With the present invention, generalized constraint equations are used to solve for the constraints that are violated. The generalized constraint equations are efficient and compact in that all possible constraints are considered at all times and hence do not require extensive software code branching that would be required in a prior art well management code. The generalized constraint equations are used at the reservoir, group, well and completion levels. Once the constraint equations are solved and the violations are identified at each level (for example, at the group level), appropriate remedial actions are taken at that level. This process is continued until all constraints for the entire reservoir have been checked and violations if any are acted upon.

With the generalized approach, the present invention can also handle regular black oil, extended black oil and Equation of State (EOS) based Compositional treatments of the reservoir hydrocarbon fluids.

The present invention is thus used to predict the future production of oil and gas from large hydrocarbon reservoirs and in all production phases of a hydrocarbon reservoir. In the early stages of reservoir development, the present invention can be used to predict the deliverability of oil and gas and help in estimating the number of wells to be drilled to maintain a specified production target and in the design of surface gathering facilities. In later stages, it is used to predict the length of time that a specified production rate can be sustained.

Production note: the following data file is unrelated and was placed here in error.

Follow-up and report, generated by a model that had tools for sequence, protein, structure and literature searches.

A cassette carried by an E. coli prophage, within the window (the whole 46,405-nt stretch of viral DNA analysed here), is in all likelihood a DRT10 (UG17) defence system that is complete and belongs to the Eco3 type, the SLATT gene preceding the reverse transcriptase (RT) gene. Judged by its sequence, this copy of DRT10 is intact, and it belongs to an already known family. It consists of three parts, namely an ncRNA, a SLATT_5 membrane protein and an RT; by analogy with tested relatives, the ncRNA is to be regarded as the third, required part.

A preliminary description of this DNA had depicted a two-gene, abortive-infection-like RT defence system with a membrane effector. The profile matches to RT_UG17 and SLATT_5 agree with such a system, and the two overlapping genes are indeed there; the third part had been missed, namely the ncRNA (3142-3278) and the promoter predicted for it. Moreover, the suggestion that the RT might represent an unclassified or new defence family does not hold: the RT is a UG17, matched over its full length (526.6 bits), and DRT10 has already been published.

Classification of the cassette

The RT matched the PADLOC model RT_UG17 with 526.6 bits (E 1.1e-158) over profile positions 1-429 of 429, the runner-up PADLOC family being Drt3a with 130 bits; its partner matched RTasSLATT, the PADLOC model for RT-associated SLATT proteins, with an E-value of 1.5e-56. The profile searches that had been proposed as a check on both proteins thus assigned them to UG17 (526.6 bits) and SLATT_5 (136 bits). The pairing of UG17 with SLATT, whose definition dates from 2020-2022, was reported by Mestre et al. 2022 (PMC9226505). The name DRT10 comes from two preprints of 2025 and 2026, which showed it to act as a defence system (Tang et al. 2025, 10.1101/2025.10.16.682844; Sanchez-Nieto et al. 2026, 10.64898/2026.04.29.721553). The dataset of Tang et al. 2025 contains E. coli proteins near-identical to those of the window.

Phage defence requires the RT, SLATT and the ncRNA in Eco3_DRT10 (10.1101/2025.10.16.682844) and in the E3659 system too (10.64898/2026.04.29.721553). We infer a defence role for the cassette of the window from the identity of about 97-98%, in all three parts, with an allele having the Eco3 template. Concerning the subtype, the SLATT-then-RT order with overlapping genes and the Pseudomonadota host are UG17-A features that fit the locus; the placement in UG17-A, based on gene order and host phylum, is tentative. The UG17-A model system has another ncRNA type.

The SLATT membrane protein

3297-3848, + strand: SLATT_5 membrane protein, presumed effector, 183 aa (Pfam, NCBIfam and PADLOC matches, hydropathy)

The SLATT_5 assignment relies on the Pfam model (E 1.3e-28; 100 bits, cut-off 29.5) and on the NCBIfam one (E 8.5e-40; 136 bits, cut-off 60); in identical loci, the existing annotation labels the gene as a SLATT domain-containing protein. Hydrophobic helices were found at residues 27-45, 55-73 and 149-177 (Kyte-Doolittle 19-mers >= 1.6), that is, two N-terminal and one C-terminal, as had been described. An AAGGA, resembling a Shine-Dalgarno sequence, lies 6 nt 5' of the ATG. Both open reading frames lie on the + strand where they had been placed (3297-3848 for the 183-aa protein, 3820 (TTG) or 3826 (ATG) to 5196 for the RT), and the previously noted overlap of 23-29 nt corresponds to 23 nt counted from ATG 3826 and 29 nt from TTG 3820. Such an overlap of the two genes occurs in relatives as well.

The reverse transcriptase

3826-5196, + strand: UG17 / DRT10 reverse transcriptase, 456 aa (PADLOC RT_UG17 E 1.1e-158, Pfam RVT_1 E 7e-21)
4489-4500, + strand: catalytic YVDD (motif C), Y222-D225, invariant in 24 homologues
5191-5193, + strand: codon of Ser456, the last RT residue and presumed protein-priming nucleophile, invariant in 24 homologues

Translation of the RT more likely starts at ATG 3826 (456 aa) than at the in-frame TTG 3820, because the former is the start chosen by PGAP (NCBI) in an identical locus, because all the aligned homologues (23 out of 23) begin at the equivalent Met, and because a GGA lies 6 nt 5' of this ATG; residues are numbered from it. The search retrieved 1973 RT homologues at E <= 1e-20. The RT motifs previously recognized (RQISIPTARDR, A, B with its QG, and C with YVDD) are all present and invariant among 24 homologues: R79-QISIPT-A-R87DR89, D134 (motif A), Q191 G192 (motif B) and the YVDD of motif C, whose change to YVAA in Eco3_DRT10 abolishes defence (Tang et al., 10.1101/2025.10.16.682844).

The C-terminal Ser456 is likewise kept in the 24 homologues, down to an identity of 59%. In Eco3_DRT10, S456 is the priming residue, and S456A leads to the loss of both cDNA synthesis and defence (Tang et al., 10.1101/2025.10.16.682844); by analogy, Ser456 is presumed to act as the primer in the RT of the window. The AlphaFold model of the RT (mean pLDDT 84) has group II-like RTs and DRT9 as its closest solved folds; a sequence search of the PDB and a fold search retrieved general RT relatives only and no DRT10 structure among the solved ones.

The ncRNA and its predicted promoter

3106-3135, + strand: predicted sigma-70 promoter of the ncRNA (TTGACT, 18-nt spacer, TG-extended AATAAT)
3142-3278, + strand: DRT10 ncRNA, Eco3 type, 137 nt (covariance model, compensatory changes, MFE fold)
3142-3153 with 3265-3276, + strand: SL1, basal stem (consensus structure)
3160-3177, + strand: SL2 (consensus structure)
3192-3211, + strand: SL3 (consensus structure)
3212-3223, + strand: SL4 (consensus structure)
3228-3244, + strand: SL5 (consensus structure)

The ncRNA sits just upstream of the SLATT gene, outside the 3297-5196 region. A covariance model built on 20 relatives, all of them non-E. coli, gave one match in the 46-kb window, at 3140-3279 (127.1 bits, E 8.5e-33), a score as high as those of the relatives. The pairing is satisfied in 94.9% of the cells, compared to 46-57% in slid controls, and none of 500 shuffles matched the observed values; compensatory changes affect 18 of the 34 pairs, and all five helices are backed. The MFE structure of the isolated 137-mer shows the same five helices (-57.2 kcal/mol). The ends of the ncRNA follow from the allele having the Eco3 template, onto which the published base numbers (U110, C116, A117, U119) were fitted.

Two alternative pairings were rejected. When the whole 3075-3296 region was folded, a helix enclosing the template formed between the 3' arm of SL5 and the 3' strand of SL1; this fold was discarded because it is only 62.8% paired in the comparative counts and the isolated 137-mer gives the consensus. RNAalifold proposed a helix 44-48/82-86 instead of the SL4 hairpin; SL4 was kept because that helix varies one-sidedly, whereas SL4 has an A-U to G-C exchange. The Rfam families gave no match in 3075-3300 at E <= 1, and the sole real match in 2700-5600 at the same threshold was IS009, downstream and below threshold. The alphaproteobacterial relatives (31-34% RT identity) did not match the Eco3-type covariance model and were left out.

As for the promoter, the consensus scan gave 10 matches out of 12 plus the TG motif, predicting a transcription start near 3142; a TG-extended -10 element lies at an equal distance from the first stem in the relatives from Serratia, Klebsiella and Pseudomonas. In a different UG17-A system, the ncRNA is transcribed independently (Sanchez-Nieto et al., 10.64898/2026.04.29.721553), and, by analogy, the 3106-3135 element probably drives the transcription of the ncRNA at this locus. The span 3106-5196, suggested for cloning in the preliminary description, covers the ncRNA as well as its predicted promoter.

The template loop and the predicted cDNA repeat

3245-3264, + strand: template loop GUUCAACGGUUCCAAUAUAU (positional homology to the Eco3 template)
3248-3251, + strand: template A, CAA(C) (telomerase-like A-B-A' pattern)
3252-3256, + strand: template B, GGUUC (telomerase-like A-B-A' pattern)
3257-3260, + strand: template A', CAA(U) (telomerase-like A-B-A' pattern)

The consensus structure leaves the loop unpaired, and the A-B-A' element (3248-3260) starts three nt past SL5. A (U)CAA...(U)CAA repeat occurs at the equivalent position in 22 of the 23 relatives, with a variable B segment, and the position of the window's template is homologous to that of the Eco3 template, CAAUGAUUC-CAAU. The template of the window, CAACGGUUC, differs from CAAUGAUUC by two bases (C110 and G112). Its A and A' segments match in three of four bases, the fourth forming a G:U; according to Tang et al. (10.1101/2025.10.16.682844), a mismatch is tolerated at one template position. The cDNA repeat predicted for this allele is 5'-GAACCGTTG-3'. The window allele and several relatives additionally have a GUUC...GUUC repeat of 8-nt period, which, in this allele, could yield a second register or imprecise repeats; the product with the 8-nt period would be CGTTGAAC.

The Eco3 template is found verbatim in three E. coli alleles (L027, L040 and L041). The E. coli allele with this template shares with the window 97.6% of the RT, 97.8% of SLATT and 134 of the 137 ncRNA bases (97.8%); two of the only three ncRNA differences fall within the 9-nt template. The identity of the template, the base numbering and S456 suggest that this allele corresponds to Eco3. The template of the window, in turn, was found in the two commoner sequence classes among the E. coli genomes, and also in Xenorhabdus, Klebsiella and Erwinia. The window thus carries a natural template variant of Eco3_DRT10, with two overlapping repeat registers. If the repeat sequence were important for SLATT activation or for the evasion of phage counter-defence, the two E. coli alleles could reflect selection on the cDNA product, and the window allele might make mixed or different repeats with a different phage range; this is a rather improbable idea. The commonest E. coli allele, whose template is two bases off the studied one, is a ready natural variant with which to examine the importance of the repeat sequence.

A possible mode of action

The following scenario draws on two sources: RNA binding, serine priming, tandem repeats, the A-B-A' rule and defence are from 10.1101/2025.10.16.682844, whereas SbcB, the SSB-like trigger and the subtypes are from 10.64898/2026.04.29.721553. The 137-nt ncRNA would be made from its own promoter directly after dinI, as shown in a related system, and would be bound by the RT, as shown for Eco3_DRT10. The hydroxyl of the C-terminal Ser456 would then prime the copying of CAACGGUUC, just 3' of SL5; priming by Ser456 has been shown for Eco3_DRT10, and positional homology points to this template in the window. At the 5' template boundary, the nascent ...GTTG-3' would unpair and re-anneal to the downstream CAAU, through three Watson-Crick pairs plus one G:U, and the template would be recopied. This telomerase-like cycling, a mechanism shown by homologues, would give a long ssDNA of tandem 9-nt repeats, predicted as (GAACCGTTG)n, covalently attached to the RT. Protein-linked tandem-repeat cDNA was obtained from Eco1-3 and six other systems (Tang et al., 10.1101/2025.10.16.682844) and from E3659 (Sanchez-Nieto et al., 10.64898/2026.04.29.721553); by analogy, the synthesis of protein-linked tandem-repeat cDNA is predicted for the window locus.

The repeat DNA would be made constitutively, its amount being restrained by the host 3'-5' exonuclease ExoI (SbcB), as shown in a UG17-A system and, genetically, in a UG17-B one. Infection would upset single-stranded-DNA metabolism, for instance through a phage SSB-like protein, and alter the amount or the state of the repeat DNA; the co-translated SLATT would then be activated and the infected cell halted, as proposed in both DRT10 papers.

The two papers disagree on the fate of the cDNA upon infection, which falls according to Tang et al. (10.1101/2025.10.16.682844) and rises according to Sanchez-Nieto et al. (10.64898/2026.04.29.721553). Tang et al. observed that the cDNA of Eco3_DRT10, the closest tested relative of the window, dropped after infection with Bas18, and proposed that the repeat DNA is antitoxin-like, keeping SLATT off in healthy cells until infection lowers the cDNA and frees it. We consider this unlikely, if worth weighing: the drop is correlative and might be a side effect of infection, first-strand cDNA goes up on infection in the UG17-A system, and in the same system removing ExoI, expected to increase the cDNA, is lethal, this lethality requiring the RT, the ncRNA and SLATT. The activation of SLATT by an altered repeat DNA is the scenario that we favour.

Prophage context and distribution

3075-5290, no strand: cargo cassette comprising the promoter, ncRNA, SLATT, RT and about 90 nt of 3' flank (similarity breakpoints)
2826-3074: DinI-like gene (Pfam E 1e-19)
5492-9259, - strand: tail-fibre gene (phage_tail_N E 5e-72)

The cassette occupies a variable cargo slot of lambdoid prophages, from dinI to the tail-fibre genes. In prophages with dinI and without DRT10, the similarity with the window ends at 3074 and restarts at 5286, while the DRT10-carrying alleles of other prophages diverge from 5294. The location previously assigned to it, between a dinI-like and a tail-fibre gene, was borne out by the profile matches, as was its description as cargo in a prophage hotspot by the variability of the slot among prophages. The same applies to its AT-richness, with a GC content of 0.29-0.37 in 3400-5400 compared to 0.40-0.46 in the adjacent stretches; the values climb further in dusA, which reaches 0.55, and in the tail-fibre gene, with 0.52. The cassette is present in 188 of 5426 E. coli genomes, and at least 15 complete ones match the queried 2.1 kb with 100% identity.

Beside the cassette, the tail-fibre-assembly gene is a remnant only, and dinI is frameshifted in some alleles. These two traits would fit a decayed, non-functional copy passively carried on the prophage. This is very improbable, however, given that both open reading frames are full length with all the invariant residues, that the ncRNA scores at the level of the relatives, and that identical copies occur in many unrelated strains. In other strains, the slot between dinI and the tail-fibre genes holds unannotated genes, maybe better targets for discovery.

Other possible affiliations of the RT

Although the present invention has been described as implemented in a massively parallel reservoir simulator, it can be implemented in other types of reservoir simulator. It can also be run on a variety of computer platforms, such as single CPU 50 (FIG. 12), a Shared Memory Parallel or Massively Parallel Processing computer 150 (FIG. 8), a distributed memory super-computer 160 (FIG. 9), a self-made PC cluster (FIG. 10), or a Production PC cluster 180 (FIG. 11).

The invention has been sufficiently described so that a person with average knowledge in the matter may reproduce and obtain the results mentioned in the invention herein Nonetheless, any skilled person in the field of technique, subject of the invention herein, may carry out modifications not described in the request herein, to apply these modifications to a determined structure, or in the manufacturing process of the same, requires the claimed matter in the following claims; such structures shall be covered within the scope of the invention.